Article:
The jamband world —and indeed, most sentient creatures with any affinity for the musical universe — is mourning the death of Col. Bruce Hampton (Ret.) at the age of 70. Hampton was onstage at Atlanta’s Fox Theater last night (May 1) during a live birthday celebration when he apparently dropped to his knees — to some, it appeared to be part of the show — than collapsed while the musicians around him continued to play. Soon, however stage hands rushed out and carried him offstage and an ambulance was called. Hampton reportedly died a short time later. The concert featured Derek Trucks and Susan Tedeschi, Blues Traveler singer John Popper, The Wood Brothers’ Oliver Wood, Widespread Panic’s Dave Schools, Allman Brothers Band’s Chuck Leavell, Peter Buck, Phish’s Jon Fishman, Warren Haynes and actor Billy Bob Thornton.
The exact cause of death has not yet been announced
According to CNN, Haynes, of Gov’t Mule/Allman Brothers/Dead fame, and a close friend of Hampton’s, was playing with the artist at the time, and he subsequently posted to his Facebook page a brief statement from the Hampton camp:
“After collapsing on stage surrounded by his friends, family, fans and the people he loved, Col. Bruce Hampton has passed away. The family is asking for respect and privacy at this difficult time.”
By this morning, social media was crowded with posts from grieving fans and friends, one of whom posted, appropriately enough, “Godspeed and many thanks to one of the leaders/influencers of the jam band movement, Col. Bruce Hampton. What a way to go out.”
BLURT would like to extended our deepest condolences to Hampton’s family. Speaking personally, I was fortunate enough to see him perform numerous times, frequently with the ARU or the Codetalkers — I never caught him in his early days with the Hampton Grease Band, but their lone LP was a twisted favorite of mine as a teenager — and often as a featured guest at the annual Warren Haynes Christmas Jam concert in Asheville, NC. Two of my fondest abiding memories is of hanging with him backstage during a couple of the jams, one time watching him getting a hand massage along with Bob Weir while he and I compared notes on concerts we had potentially attended at the same time while growing up in the South, and another standing in a semicircle with others while he held court, telling jokes and talking baseball. He was a funny, funny guy and a supremely talented musician, a guy who commanded love and respect from any musician who came into his wild, spontaneous orbit.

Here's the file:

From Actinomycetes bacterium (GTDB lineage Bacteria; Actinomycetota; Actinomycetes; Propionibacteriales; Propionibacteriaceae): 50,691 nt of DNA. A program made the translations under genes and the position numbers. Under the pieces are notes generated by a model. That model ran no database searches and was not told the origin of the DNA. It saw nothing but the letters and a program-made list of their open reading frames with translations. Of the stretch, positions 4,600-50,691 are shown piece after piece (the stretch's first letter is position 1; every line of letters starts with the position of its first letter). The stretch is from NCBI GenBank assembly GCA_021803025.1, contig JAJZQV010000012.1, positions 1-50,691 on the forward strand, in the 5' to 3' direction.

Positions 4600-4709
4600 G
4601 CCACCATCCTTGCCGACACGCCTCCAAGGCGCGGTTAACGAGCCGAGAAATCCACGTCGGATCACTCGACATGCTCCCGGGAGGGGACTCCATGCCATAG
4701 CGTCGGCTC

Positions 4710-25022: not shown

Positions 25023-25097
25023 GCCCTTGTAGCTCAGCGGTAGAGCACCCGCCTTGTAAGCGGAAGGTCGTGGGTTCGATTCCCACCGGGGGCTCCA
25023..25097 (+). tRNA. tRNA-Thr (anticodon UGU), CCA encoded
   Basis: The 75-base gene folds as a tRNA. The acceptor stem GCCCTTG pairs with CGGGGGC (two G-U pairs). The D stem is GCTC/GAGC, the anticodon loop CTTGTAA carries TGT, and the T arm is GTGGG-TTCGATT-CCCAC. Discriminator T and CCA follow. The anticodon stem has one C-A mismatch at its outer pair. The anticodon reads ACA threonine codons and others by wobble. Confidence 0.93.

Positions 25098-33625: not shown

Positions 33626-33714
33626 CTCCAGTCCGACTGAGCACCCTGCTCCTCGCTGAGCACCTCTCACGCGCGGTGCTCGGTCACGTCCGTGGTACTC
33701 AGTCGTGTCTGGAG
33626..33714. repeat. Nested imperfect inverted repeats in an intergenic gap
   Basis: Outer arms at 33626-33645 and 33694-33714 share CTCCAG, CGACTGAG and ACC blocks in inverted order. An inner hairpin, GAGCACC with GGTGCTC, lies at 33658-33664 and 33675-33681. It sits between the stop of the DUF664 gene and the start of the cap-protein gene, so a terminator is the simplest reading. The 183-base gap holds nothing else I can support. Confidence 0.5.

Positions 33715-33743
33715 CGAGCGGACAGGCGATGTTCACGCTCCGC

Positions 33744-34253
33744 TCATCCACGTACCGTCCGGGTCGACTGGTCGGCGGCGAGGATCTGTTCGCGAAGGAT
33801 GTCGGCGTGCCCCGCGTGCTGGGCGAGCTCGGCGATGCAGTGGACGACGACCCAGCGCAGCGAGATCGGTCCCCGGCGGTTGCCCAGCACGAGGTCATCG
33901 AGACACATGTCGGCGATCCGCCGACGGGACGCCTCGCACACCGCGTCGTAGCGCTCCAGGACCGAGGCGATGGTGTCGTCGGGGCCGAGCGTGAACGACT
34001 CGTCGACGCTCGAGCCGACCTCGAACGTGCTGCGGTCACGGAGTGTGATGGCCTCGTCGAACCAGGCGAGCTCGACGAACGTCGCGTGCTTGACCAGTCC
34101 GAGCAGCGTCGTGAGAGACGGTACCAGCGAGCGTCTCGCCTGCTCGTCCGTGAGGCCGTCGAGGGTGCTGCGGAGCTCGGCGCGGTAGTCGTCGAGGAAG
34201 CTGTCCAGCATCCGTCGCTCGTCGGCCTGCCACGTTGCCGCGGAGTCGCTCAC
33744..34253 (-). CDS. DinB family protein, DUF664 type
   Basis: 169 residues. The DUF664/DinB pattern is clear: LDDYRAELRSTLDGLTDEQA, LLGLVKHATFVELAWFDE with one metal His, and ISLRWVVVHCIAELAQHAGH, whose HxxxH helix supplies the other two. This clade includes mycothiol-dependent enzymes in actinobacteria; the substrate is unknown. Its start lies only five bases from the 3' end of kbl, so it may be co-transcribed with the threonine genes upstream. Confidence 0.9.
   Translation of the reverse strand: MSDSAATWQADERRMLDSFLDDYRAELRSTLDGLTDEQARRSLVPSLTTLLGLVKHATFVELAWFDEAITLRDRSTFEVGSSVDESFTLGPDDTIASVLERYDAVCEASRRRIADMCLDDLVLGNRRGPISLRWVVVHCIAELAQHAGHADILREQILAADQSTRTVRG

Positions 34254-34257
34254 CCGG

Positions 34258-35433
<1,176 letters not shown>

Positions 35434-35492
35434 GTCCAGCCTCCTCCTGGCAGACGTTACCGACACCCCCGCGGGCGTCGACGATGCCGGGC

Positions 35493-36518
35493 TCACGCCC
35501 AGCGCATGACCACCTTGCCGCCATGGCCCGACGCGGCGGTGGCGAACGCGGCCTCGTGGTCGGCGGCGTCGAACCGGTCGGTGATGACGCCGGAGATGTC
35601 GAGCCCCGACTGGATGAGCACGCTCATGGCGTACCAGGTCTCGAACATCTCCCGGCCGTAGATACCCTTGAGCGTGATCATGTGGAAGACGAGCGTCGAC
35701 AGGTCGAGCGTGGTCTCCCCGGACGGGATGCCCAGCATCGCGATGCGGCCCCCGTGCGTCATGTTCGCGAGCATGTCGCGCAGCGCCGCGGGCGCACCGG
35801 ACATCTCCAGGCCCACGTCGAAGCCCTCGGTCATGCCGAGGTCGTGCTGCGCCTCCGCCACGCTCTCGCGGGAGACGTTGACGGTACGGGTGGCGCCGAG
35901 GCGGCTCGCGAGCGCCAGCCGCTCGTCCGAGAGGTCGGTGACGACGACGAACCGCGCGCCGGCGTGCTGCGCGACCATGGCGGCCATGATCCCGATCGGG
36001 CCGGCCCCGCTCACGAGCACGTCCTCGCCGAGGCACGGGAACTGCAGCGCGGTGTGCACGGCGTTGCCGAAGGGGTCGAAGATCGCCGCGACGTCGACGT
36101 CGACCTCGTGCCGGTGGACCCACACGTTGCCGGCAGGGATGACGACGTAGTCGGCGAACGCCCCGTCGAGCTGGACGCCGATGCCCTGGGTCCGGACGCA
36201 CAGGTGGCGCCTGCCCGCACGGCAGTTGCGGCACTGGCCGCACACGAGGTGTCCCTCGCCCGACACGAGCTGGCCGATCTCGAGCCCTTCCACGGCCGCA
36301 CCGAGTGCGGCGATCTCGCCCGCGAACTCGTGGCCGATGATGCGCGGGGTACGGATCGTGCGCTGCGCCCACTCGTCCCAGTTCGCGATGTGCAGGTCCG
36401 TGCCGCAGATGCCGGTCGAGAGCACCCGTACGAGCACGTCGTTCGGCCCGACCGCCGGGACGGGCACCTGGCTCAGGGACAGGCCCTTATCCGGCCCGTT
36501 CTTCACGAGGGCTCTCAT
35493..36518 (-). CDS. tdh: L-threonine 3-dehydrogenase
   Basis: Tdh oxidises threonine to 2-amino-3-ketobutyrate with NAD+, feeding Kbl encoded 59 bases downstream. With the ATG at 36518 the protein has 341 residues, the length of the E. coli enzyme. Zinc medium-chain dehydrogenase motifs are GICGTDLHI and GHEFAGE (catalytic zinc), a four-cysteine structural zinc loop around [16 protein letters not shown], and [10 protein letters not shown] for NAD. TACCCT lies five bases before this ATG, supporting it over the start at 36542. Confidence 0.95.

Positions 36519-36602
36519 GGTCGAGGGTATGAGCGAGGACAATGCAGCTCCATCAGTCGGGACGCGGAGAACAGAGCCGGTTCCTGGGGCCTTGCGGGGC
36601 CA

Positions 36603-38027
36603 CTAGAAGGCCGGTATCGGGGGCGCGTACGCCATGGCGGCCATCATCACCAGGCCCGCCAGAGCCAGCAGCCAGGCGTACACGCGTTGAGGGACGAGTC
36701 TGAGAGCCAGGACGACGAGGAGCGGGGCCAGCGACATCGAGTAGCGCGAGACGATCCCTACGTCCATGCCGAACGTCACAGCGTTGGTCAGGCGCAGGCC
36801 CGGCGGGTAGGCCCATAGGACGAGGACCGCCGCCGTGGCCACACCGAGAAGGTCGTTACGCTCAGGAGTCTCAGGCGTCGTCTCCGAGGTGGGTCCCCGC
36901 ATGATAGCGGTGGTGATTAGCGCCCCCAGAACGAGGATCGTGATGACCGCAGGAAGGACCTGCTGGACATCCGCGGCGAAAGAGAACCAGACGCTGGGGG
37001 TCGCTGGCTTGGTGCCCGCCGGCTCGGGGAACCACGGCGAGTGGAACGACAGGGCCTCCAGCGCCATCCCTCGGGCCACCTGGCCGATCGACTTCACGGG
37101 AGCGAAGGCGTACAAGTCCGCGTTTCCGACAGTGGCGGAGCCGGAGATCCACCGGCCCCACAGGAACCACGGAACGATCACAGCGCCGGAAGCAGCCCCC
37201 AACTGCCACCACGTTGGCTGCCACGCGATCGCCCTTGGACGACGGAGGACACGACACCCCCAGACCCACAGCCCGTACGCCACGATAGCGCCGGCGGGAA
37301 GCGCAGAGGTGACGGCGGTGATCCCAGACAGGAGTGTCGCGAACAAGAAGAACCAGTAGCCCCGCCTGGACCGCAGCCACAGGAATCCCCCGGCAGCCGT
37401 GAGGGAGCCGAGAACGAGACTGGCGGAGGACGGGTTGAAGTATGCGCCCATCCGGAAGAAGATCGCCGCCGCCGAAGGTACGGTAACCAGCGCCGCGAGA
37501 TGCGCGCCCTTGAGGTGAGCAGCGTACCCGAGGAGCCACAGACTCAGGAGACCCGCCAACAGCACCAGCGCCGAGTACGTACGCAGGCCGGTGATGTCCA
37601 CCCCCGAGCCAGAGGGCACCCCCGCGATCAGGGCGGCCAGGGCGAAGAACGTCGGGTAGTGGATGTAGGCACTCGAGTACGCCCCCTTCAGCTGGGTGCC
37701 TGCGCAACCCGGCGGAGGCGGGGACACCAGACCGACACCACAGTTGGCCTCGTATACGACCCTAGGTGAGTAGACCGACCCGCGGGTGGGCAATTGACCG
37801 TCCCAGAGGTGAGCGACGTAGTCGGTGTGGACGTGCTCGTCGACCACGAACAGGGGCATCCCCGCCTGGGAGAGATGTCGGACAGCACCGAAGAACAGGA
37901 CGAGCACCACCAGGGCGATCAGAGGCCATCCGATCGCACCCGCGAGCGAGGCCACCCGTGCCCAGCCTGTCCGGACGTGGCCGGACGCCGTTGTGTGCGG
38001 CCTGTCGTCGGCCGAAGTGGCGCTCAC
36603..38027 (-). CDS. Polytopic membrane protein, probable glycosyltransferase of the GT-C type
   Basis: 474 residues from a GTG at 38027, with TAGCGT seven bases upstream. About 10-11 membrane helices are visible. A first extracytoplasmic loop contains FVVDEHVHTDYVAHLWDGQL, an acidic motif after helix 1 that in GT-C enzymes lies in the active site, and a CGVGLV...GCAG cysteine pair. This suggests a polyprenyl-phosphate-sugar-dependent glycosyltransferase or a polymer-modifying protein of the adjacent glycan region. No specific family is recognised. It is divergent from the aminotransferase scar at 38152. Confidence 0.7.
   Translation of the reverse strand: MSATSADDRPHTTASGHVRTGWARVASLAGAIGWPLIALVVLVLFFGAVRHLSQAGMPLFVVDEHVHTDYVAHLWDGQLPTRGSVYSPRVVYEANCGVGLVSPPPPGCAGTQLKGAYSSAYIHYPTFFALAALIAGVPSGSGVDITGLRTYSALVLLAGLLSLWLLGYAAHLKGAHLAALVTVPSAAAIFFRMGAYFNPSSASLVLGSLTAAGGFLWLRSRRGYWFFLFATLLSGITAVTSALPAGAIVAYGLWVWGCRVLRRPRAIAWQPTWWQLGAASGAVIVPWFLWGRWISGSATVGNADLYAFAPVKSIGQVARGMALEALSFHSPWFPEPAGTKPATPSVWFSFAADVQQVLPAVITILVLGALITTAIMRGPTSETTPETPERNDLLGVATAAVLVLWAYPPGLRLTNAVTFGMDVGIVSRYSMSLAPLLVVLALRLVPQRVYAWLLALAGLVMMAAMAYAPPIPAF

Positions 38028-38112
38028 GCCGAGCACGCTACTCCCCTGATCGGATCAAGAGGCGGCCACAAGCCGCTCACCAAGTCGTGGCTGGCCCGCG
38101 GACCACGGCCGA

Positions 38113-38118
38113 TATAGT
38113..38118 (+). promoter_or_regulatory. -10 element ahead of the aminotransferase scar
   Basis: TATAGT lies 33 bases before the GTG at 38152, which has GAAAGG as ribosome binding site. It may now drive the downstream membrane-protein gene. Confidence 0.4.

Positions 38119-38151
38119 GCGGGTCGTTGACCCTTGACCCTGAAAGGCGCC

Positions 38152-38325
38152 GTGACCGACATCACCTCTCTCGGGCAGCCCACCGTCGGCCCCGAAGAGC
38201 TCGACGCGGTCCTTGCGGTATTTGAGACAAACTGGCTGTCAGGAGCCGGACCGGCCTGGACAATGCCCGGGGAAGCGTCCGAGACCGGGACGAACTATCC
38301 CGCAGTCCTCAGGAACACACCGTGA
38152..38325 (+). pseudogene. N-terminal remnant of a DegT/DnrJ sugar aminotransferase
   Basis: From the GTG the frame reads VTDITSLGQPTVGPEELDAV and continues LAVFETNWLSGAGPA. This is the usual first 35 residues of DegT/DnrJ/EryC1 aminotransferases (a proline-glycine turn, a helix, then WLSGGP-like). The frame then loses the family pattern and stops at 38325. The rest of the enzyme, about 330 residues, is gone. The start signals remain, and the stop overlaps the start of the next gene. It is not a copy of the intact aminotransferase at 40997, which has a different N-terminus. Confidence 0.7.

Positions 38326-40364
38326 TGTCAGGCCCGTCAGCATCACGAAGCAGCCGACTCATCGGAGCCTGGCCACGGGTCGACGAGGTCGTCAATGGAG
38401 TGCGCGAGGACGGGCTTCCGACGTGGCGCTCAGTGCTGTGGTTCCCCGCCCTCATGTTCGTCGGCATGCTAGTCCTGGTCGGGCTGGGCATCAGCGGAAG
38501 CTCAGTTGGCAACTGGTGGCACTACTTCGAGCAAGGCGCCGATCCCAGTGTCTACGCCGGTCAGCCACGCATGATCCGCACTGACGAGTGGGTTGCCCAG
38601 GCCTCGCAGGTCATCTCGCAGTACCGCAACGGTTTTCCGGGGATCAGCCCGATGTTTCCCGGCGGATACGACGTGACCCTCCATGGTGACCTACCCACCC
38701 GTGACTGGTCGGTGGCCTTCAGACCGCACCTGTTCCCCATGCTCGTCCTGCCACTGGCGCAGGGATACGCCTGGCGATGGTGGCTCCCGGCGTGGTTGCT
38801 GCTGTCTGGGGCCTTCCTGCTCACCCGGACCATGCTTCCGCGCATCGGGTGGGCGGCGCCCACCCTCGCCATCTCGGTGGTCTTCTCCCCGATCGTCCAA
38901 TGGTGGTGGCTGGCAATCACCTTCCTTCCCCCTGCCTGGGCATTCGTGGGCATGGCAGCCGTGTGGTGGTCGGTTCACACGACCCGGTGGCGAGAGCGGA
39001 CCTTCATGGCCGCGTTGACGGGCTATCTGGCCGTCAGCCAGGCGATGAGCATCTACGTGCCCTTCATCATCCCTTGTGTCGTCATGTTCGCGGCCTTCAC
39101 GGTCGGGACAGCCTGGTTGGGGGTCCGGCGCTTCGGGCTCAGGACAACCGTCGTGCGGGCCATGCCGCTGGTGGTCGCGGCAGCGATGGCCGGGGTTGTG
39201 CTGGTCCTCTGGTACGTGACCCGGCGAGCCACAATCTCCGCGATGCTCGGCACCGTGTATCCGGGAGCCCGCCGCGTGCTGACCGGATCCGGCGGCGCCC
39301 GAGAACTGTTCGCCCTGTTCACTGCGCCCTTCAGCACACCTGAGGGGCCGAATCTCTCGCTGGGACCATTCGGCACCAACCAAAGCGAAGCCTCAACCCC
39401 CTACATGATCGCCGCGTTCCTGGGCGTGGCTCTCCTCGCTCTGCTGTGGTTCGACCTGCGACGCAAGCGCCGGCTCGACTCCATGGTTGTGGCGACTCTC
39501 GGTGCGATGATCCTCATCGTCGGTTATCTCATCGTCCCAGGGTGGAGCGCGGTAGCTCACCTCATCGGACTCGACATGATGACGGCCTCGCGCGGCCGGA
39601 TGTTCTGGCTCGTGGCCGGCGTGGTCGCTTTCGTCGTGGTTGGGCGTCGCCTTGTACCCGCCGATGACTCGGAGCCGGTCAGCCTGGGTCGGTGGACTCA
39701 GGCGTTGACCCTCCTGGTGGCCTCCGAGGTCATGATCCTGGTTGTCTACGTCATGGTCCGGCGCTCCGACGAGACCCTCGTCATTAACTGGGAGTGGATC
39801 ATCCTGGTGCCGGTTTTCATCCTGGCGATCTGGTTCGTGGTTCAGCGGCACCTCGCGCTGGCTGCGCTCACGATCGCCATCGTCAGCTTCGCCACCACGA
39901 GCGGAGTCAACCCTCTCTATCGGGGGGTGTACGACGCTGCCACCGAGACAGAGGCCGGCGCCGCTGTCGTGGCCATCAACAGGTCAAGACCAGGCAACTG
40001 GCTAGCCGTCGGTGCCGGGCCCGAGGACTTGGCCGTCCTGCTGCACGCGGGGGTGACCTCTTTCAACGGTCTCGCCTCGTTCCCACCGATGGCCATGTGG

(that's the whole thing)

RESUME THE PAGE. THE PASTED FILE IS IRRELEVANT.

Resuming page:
Had been estranged from his former bandmembers for several years.
By Fred Mills
John Warren “J.” Geils Jr. – just call him J. (with the period) has passed away at the age of 71. The Boston blues-rock guitarist lived in Groton, Mass., and he was found yesterday afternoon, April 11, at his home, of not-yet-disclosed causes. The police are investigating but for the time being foul play is not suspected, according to the Boston Globe.
The J. Geils band was a touring mainstay of the ‘70s – yours truly saw them on numerous occasions, and they were a dynamic outfit, particularly with Geils’ potent guitar playing, frontman Peter Wolf’s physicality and harp player Magic Dick’s wild, hirsute, Afro-delic appearance. They began notching hits early on via tracks like “Lookin’ For a Love,” “Give It to Me” and “Must of Got Lost”, and then when MTV entered the picture, they went global thanks to hits “Centerfold” and “Freeze Frame.” (Below: the band during the ‘70s.)
The band broke up in the mid ‘80s, subsequently mounting a number of reunions over the years. Unfortunately, Geils left the band he formed in 2012, having become estranged from Wolf over a legal dispute stemming from his having trademarked the band name. Peter Wolf posted a note on Facebook when the news of Geils’ death broke: “’Thinking of all the times we kicked it high and rocked down the house! R.I.P. Jay Geils.”